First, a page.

It has been shown by an international group of scientists that numerous seabirds begin to suffer when the available food in the ocean declines beneath a critical level. The level is about one-third of the maximum measured amount of food available.
They have found that this critical level is about the same for seabird species around the world. Their study — the most comprehensive ever undertaken — covers birds from the Arctic to the Antarctic and from the Pacific to the Atlantic.
The study focussed upon seabirds near the top of the food chain that feed mainly on fish like sardines, anchovies and sand eels and, in the Antarctic, on krill (small, shrimp-like crustaceans). These seabirds are often key species in marine ecosystems that are sometimes also exploited by fishers, but exploitation of species on which they feed can put them at risk.
Dr Ian Boyd of the Scottish Ocean Institute, University of St Andrews, who co-led the study, said, 'When combined with the effects of climate change, we need to develop better methods of setting the limits of exploitation of important marine species.
This means being able to establish general guidelines that, if exceeded, will cause changes to other important components in the ecosystems. Seabirds are some of the best and most easily measured indicators we have of the health of these ecosystems and it seems sensible to use them in this context'.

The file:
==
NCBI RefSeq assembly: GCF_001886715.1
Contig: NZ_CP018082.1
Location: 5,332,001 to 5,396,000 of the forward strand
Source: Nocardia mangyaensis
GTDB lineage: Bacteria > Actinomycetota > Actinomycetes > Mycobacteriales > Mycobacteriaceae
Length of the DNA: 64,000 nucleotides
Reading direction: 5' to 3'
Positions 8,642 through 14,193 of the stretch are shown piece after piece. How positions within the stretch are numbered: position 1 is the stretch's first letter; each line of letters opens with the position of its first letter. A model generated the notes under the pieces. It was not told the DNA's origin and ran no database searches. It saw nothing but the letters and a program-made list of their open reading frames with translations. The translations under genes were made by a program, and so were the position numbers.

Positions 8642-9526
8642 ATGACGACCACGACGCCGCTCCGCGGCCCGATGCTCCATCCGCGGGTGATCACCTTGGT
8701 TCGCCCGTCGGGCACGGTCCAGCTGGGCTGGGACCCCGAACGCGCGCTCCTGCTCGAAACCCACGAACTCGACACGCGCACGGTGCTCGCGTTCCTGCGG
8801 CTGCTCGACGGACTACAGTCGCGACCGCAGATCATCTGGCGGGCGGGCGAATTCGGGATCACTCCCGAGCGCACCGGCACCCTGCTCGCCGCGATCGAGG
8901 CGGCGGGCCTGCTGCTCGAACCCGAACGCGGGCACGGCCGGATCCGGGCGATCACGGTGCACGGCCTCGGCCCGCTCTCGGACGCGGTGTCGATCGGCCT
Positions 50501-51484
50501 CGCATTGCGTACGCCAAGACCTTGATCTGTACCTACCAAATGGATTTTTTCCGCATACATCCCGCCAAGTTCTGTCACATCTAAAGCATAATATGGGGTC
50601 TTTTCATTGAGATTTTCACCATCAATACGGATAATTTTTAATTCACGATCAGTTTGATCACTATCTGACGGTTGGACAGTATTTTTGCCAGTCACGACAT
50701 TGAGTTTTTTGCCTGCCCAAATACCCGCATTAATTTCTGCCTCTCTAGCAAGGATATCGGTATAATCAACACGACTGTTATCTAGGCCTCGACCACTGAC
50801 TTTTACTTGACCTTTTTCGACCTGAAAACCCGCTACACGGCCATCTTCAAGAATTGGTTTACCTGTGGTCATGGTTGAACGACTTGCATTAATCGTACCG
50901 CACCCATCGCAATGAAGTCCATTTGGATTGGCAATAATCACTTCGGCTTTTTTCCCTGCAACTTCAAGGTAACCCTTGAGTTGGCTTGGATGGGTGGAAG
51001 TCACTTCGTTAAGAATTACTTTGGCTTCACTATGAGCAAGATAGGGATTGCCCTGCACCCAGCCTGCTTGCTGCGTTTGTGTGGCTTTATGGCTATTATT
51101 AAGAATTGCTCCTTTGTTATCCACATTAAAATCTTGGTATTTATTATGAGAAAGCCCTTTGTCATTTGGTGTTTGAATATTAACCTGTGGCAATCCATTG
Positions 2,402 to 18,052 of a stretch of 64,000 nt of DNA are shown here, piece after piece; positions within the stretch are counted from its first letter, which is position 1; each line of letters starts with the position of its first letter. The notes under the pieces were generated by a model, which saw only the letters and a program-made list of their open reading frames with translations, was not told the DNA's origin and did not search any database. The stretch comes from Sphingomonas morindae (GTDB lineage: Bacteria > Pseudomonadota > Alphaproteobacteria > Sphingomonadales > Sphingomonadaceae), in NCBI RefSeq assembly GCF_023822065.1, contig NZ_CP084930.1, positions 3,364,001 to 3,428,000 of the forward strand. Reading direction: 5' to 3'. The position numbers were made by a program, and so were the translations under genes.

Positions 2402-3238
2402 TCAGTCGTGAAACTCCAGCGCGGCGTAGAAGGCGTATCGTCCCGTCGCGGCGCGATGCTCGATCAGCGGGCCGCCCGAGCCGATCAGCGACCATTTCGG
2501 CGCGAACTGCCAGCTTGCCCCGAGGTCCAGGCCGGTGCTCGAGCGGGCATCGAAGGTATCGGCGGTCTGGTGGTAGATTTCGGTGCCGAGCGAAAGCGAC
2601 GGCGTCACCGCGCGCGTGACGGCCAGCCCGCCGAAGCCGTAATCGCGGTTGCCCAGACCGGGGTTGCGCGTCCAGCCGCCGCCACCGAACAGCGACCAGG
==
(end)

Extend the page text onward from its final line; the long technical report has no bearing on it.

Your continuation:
The researchers used data collected from fourteen species including penguins, terns, skuas and a species of gull. Their success at producing chicks was measured by counting the number of nests and the resulting chicks, yielding an estimate for the average number of chicks produced per nest. This was related to annual estimates of the abundance of that species’ prey based on counts or, in the case of krill, on the reflection of sound waves emitted from research ships.
Observation periods of between 15 and 47 years yielded an overall total of 438 years of observations, which constitutes one of the most comprehensive global databases ever assembled for predators and their prey.
The effect of low prey abundance was similar in all regions of the world. When the amount of fish in the sea was greater than one-third of the maximum ever recorded, the number of chicks produced was unaffected by changes in food availability. But if the fish abundance fell below this one-third threshold then breeding success declined.
Leader of the team, Dr Philippe Cury of the French Research Institute for Development (IRD) said, 'We were amazed by the consistency of the relationship around the globe. This suggests that we have found an important benchmark that could be used as a guide to limit the amount of fish taken from the sea in order to maintain seabird populations in the long term.'
The team were stimulated to undertake their study by growing concerns about the effects that fishing may be having upon some of these important species in marine ecosystems.
Professor Eugene Murphy of British Antarctic Survey and a co-author of the report, said, 'In the Antarctic overall levels of krill fishing are currently low and sustainable. However, the congregation of many predators in concentrated areas for breeding can mean that local krill exploitation may affect the viability of these breeding colonies.'
This study highlights the importance of long-term observations in developing our understanding of complex marine ecosystems.